Book Review: Against Their Will: The Secret History of Medical Experimentation on Children in Cold War America
and Gregory J. Dober
(Palgrave MacMillan, 2013). 266 pages. $27.00
Book review by Christopher Zoukis
According to Oswald Spengler, writing in The Decline of the West, “Moral is a conscious and planned causality of conduct, apart from all particulars of actual life and character, something eternal and universally valid, not only without time but hostile to time and for that very reason ‘true.’” He adds that “Every moral action is a piece of this sacrifice, and an ethical life-course is an unbroken chain of such sacrifices. Above all, the offering of sympathy, compassion, in which the inwardly strong gives up his superiority to the powerless.”
What happens when educated, powerful people withhold sympathy and compassion from those without power? What happens when individuals set aside Spengler’s definition of morality and adopt a philosophy that the end justifies the means? Answer: despicable events occur, events like those described in Against Their Will – a difficult and frankly frightening book by Allen M. Hornblum, who has written extensively on medical experimentation on prisoners, Judith L. Newman and occasional PLN writer Gregory J. Dober.
This book is difficult to read not because it’s dry and overly literary, but rather because it’s emotionally grueling. And it’s frightening because it demonstrates the ethical sinkhole into which humans can descend.
Against Their Will relates a true story, the story of children exploited as subjects in medical experiments. These experiments were not performed by Nazi physicians like Dr. Mengele; rather, they were conducted by ruthless, single-minded American doctors who deluded themselves into believing they were pursuing the greater good. And in their pursuit, they became monsters of the worst sort.
The book begins by providing a succinct summary of eugenics in the United States during the 19th and 20th centuries. Essentially, eugenicists looked down their collective noses at the disabled, the handicapped and persons marginalized by society as second-rate and inferior. Eugenics offered a convenient pretext for doing the unthinkable.
Many of the so-called inferior were children: orphans, those born with Downs Syndrome or afflicted by cerebral palsy, or simply children who happened to be born into the wrong family at the wrong time. Schizophrenic and autistic children were subjected to repeated sessions of electro-shock therapy or given twice-daily doses of LSD. Children at the Wrentham State School were injected with radioactive isotopes. Others were forcibly castrated, or deliberately infected with gonorrhea or ringworm. Still other children, like those at the Willowbrook State School in Staten Island, New York, were infected with hepatitis. All of these monstrous acts were done in the name of science and for the greater good of humanity. The children were not informed that they were participating in medical experiments; none had consented to do so. They participated “against their will.”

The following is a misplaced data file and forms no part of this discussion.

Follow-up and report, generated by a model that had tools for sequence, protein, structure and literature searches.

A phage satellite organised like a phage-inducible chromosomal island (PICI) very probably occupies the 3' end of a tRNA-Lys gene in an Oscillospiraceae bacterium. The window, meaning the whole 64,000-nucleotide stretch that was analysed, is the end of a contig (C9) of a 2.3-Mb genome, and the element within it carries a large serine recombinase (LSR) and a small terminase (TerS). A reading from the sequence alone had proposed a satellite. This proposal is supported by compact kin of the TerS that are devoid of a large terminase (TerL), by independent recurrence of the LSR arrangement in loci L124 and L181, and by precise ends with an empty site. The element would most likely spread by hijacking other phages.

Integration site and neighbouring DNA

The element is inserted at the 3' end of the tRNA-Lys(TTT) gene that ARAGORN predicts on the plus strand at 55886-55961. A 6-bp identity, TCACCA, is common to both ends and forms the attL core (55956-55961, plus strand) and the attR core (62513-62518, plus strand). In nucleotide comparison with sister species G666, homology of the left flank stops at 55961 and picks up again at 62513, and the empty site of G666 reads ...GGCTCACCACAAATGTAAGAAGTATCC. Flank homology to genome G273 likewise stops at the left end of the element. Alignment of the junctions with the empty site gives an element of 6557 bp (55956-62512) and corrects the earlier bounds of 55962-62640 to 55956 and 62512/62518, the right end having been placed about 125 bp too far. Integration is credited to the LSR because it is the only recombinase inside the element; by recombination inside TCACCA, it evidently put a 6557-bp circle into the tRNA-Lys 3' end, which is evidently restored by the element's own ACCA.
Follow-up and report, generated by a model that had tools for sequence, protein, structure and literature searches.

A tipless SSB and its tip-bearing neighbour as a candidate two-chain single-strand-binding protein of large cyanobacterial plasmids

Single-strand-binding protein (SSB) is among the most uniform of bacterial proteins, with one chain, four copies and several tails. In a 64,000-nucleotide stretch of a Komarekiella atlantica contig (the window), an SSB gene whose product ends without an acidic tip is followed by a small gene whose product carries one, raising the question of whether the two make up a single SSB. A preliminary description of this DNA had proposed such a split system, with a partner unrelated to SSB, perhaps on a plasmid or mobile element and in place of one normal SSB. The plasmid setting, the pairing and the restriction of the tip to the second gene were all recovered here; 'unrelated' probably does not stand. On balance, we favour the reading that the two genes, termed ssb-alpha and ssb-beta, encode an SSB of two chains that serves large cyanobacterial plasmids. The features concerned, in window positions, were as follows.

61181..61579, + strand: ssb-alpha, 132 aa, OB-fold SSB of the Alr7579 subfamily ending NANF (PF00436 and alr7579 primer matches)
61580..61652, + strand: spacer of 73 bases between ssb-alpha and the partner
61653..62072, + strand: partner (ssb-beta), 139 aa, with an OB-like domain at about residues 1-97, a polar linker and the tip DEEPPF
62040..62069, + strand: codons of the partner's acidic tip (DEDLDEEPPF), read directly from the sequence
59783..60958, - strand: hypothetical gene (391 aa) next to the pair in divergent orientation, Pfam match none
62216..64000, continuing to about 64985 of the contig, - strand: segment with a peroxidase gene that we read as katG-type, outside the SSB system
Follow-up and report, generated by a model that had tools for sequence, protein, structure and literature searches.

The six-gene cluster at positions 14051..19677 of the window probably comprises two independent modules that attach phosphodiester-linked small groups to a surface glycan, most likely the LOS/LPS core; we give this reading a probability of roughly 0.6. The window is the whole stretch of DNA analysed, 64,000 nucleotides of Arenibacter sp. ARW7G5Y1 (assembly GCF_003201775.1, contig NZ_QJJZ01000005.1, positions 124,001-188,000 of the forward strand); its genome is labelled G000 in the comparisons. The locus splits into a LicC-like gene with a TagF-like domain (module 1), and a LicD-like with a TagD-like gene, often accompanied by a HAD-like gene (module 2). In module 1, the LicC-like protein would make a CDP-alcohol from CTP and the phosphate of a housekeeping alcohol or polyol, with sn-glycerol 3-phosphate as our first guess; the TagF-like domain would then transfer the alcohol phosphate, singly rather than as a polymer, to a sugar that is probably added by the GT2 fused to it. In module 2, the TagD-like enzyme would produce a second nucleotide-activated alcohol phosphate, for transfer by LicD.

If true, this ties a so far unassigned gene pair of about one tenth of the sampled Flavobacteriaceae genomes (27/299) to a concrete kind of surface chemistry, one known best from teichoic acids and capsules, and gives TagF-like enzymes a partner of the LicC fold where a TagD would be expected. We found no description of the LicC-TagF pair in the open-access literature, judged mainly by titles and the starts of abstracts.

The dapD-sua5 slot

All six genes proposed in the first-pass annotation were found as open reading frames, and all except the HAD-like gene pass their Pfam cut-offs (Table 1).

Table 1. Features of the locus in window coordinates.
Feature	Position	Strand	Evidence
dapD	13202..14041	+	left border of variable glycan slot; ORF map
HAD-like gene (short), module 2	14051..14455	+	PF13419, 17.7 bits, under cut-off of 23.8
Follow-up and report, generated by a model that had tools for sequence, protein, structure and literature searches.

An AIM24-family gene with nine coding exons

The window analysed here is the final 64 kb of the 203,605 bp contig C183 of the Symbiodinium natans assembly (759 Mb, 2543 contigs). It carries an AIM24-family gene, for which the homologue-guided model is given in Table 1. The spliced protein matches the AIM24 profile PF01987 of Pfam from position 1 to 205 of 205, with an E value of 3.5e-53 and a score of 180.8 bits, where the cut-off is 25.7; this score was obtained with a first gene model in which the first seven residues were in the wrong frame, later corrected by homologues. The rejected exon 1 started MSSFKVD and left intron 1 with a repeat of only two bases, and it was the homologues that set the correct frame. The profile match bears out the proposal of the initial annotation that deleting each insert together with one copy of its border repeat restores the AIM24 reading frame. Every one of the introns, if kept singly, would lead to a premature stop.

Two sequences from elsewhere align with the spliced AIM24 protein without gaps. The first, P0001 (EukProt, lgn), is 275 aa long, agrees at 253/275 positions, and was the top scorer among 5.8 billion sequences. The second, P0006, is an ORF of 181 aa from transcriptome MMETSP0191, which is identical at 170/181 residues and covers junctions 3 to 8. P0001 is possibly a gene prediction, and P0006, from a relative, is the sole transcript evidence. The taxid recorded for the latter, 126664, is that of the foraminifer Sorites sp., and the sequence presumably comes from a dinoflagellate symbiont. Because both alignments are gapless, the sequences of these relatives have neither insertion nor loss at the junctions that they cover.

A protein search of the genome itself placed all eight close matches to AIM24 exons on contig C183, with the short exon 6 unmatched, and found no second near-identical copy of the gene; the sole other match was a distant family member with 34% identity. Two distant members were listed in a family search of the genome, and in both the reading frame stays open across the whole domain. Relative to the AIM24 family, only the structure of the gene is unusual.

Children who were infected with diseases were forced to take part in experimental treatments. In some cases, no treatment was provided; the doctors merely wanted to observe and record the course of the disease. As a result, many of the children died painful and preventable deaths. They were buried in paupers’ graves.
The justification for this experimentation was the Cold War. National security was at stake; communism lurked in the shadows, ready to pounce on those who eschewed constant vigilance, and the results of the experiments could be useful for national security purposes.
The authors of Against Their Will summarize the political and social contexts that preceded and endorsed such heinous experimentation on children. Several government agencies willingly played a part: the Department of Defense, the Atomic Energy Commission and the CIA. Each provided funding and objectives for various medical studies.
In one of the more unnerving portions of the book, the authors document medical experiments on children as recently as the 1990s. And if that’s not enough, they emphatically state that such experimentation continues. Now, though, the studies have been outsourced, moved off-shore, like so many jobs.
Sadly, most Americans are completely unaware of such heinous experiments. Or, if they are aware, they simply shrug them off, saying, “That was then; this is now. That kind of thing couldn’t happen in today’s civilized world.” But the events described in Against Their Will cannot and should not be shrugged off. They were not just indicative of another time, another milieu. They were the result of a common point of view – a world view pervaded by the Cold War, which provided convenient justification for committing the most immoral acts on the most vulnerable people. A parallel view exists today, seen through the lens of the War on Terror.
Against Their Will is an effective read – persuasive, intense and compelling. It shows what happens when mankind withholds morality and compassion from those people whom Spengler calls “powerless.”